The way to a man’s heart is through his stomach.
Or so they say. I can’t exactly say that the way to my man’s stomach was this cake, but I do remember that quite a few of his male friends used to praise this cake whenever they had a piece at my place, telling my then boyfriend (now husband) that I was a keeper.
I cut the recipe from a women’s magazine decades ago because it sounded good. Since then it has been “my signature cake”. Whenever there is a special occasion, I usually bake one. Especially if it’s to do with hubby’s special celebrations. The combination of hazelnuts and dark chocolate in the cake mixture is simply heavenly with the soft butterscotch topping. It’s actually so yummy and morish that hubby often hides some, to have more for himself before others eat it all up.
- 3 eggs
- 2 1/2 dl sugar
- 150 g butter
- 3 dl ordinary wheat flour (not self-raising)
- 1 tsp baking powder
- 75 g hazelnuts
- 75 g dark chocolate
THIS IS WHAT YOU DO
- Beat the eggs and sugar until fluffy.
- In a separate bowl beat the butter until light.
- Combine the two mixtures.
- Crush the hazelnuts (or buy a packet of ready-made crush) and chop the chocolate into small pieces
- Mix together the flour, baking powder, nuts and chocolate. Add to the mix.
- Grease a low, preferably a springform, round cake tin. Pour in the mixture.
- Bake at low temperature, 150° Celsius, for about 40-50 minutes.
FOR THE TOPPING
- 2 dl full whipping cream
- 2 dl sugar
- 1 tbsp butter
- chocolate sprinkles
Now this is the tricky part of this cake. Getting the butterscotch just right takes some practise and experience. I have failed in so many ways over the year. Either I cooked it too little, which results in a too liquid consistency that is immediately soaked in by the cake, and results in no topping at all. Or, trying to avoid the previous scenario, I cooked it too long, and ended getting it thick, grainy and horribly hard. I’ve also managed to produce a sticky, chewy consistence that almost breaks your teeth, just as the worst type of toffee! Anything is possible unless you know exactly what temperature to use on your cooker, and what the correct consistency is. Don’t lose heart, though – you may be a natural with this, or then, at least through trial and error you will get it right.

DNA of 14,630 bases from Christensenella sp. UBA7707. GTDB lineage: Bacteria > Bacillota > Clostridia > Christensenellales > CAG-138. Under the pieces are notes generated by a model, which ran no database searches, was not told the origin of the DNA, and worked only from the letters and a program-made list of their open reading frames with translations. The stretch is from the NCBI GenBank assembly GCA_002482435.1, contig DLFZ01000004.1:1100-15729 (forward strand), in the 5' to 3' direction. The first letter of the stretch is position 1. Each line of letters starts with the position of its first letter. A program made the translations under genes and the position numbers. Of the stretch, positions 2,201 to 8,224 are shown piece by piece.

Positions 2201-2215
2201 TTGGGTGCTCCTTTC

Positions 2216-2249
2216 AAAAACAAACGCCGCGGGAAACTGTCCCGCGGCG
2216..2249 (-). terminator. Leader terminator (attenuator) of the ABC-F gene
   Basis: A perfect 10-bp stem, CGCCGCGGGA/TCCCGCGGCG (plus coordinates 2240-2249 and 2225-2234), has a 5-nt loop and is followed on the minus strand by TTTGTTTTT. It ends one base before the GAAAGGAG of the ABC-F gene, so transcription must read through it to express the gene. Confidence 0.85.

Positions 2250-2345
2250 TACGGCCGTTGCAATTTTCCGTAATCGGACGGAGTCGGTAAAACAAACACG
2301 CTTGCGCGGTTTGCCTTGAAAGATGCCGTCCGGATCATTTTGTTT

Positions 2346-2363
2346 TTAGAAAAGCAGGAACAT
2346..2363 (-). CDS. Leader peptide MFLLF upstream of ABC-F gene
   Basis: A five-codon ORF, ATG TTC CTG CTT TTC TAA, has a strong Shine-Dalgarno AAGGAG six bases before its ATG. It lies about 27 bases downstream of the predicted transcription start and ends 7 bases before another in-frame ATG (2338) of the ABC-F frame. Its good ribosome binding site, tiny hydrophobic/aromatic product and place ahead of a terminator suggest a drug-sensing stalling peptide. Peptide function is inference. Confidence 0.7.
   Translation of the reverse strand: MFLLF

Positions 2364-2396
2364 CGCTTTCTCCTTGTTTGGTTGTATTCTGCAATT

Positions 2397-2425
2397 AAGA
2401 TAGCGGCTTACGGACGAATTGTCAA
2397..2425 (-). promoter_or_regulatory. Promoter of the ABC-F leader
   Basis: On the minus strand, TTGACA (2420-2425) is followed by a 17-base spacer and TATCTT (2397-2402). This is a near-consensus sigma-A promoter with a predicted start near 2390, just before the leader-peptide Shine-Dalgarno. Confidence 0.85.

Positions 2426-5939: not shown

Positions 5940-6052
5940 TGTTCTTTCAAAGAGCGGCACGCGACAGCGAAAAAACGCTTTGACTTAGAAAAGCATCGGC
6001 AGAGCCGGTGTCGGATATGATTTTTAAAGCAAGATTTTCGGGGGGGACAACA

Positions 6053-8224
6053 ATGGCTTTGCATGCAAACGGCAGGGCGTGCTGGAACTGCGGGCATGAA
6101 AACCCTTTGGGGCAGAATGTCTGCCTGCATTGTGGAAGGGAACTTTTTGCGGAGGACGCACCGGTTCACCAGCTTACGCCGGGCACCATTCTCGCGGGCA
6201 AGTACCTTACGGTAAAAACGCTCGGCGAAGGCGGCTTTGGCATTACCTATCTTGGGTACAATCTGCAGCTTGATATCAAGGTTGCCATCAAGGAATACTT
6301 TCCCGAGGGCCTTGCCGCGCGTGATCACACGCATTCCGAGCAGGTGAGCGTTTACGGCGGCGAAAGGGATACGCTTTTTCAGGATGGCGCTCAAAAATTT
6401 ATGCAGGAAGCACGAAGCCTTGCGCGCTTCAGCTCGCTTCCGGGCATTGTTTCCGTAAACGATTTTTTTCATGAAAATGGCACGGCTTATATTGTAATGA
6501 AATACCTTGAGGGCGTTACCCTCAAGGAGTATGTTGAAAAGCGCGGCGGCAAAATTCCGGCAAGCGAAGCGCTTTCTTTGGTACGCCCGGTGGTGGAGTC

Put the cream and the sugar in a saucepan and start cooking at medium heat. On my present induction cooker, I tend to have the temperature at 3.5-4 (out of 9). Keep cooking, stirring it quite often, so it won’t stick to the bottom. Make sure it’s bubbling a little all the time, but not too much! Just small bubbles like in the picture above. For me, the cooking time tends to be a minimum of 30 minutes, sometimes even more. Towards the end, the mixture starts thickening up and darkens in colour. A test that all the recipes advise is to put a drop of the mixture into a glass of cold water. If it dissolves at all into the water, it’s not ready yet. It’s supposed to form a nice, solid drop on the bottom of the glass. I usually always keep testing one drop after another, and never really know if it’s right or not. Nowadays, having baked this cake so many times, I just use my intuition (and still sometimes get it wrong!).
Anyway, once the butterscotch is ready (or you think it is), take the pan off the heat, add the butter, and let it settle for a while. Then pour it on top of the cake that you have removed from the baking tin. Start from the middle and keep moving towards the sides. The butterscotch is supposed to trickle down the sides of the cakes. You can help it with a knife if needed.
Decorate with some chocolate sprinkles, and voilà, ready to be devoured!
To serve the cake, a bunch of green grapes look nice, and go very well with the taste as well. The cake keeps quite well for several days, and stays nice and moist. If kept in the fridge, the butterscotch tends to lose its shine a little.
ENJOY ON ITS OWN, OR WITH A CUP OF GOOD COFFEE!